Video Resolution–TV Lines vs Pixels–Analog vs Digital
In the CCTV or Video Surveillance world, it is important to understand what we are really talking about when we refer to resolution. We probably all have a digital camera or camcorder and have heard the term megapixel used as the most common comparison in resolution between various makes and models. We are probably also aware that a larger number means better picture quality than a smaller number, but we may not understand why. Most cameras are still analog in the CCTV security camera world, and their resolution is measured differently from what we are used to in this digital revolution.
When measuring analog resolution, a Television Line (TVL) doesn’t have a defined number of pixels. Instead, the term “TV lines” refers to the number of discernable horizontal or vertical lines on the screen. Analog security cameras are measured in TV Lines, and most of them have between 420 and 600 TV Lines. The higher number of TV Lines, the more information captured. Most of today’s cameras connect to a DVR via coaxial video cable.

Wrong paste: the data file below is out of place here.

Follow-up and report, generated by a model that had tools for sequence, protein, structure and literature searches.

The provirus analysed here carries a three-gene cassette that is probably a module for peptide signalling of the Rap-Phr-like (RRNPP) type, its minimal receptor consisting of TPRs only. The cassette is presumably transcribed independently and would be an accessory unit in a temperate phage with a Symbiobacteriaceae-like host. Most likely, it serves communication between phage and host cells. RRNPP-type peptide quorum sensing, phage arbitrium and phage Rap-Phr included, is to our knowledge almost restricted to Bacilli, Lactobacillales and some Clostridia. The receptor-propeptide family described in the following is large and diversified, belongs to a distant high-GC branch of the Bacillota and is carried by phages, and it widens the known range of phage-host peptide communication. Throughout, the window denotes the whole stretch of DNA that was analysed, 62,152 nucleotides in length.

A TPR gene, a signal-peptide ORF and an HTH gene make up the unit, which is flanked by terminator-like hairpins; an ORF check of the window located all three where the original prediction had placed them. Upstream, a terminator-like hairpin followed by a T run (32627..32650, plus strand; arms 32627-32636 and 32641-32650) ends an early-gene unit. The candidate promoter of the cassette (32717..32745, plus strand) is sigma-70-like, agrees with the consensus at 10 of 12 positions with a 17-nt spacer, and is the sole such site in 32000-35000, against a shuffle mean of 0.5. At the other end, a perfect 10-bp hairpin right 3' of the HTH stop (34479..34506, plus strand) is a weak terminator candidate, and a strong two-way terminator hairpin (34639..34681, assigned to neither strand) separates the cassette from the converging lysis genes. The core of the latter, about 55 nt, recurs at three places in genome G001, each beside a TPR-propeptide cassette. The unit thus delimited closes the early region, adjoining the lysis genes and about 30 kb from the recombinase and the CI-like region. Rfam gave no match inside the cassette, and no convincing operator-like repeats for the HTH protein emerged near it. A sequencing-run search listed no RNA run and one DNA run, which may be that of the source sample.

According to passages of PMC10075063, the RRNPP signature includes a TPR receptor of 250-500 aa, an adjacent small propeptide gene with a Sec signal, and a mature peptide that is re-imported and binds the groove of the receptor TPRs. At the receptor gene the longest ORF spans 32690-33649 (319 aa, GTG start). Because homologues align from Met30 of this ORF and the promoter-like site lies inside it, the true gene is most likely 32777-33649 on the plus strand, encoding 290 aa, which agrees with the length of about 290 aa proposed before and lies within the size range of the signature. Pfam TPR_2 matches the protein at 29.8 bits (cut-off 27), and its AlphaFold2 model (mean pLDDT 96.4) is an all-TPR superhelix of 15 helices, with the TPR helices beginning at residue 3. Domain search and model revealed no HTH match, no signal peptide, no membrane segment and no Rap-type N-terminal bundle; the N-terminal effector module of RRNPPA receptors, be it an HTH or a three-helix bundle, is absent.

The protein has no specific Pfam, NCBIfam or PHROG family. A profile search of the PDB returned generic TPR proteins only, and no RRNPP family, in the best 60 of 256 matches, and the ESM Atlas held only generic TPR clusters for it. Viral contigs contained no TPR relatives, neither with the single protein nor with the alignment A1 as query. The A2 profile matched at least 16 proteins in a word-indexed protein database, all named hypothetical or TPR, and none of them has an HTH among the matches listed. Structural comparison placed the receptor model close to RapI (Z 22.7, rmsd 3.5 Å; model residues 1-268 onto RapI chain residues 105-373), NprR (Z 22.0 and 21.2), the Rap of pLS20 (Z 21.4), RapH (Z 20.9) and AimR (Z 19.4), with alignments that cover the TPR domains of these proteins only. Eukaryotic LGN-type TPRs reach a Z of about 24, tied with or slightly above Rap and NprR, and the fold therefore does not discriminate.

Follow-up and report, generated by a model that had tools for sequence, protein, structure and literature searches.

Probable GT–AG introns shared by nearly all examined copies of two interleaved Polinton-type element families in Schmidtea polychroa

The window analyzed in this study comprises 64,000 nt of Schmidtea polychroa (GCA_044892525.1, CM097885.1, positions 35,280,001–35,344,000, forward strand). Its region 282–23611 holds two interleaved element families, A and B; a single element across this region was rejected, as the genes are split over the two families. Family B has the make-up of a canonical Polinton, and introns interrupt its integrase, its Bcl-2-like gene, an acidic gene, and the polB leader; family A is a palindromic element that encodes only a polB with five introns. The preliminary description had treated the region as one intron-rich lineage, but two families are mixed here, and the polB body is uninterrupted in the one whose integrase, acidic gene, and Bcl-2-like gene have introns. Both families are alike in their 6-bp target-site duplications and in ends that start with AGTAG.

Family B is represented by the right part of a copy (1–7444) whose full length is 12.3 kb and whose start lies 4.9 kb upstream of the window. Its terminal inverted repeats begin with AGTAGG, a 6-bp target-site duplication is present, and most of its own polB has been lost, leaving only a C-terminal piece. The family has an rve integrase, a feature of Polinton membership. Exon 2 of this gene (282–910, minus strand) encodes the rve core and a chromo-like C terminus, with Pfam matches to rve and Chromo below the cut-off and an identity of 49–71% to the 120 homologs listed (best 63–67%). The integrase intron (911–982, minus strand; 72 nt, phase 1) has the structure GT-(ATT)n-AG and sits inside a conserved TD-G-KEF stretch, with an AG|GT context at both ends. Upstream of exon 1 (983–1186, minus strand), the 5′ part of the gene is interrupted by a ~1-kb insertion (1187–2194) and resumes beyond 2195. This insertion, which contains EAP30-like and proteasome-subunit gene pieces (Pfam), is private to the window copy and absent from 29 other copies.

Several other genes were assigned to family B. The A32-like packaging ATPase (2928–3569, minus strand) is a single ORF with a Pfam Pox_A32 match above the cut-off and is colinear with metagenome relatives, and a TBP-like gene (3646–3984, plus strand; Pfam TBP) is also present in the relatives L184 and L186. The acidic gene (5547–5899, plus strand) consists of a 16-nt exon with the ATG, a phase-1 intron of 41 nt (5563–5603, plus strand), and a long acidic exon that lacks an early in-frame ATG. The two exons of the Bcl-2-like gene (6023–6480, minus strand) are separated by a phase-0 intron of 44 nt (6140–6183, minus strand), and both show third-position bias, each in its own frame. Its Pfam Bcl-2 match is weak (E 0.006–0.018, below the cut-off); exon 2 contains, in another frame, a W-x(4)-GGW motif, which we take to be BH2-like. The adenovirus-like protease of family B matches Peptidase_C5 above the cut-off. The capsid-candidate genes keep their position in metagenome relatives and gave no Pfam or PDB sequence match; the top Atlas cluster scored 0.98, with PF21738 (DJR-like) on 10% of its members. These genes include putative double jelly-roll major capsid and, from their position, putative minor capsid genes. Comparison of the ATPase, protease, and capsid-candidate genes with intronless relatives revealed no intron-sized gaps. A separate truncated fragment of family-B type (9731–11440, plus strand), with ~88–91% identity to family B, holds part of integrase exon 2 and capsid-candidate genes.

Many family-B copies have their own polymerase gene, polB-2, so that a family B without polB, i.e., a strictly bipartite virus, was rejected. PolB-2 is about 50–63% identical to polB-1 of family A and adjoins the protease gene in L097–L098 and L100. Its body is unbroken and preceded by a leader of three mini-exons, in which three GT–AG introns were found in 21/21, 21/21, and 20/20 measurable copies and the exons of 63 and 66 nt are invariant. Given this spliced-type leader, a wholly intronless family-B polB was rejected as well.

The smallest element of a digital image is called a pixel. Most of us enlarged a picture from a website large enough to see the image go from clear to a bunch of grainy colored squares. Each one of these squares is an individual pixel. A megapixel (MP) is 1 million pixels, and is a specific measurement for digital resolution that encompasses the area of the output video.
For instance, if a digital or megapixel camera outputs a signal that is 1280×1024 pixels, it is recording at a megapixel resolution of 1280 x 1024 = 1,310,720 pixels = 1.3 Megapixels (MP).
We hope this helped everyone distinguish the differences between Analog (TV Line) and Digital (Pixel) Resolution. We would love to know what you think of our articles, and if you have any further questions, don’t hesitate to leave a comment!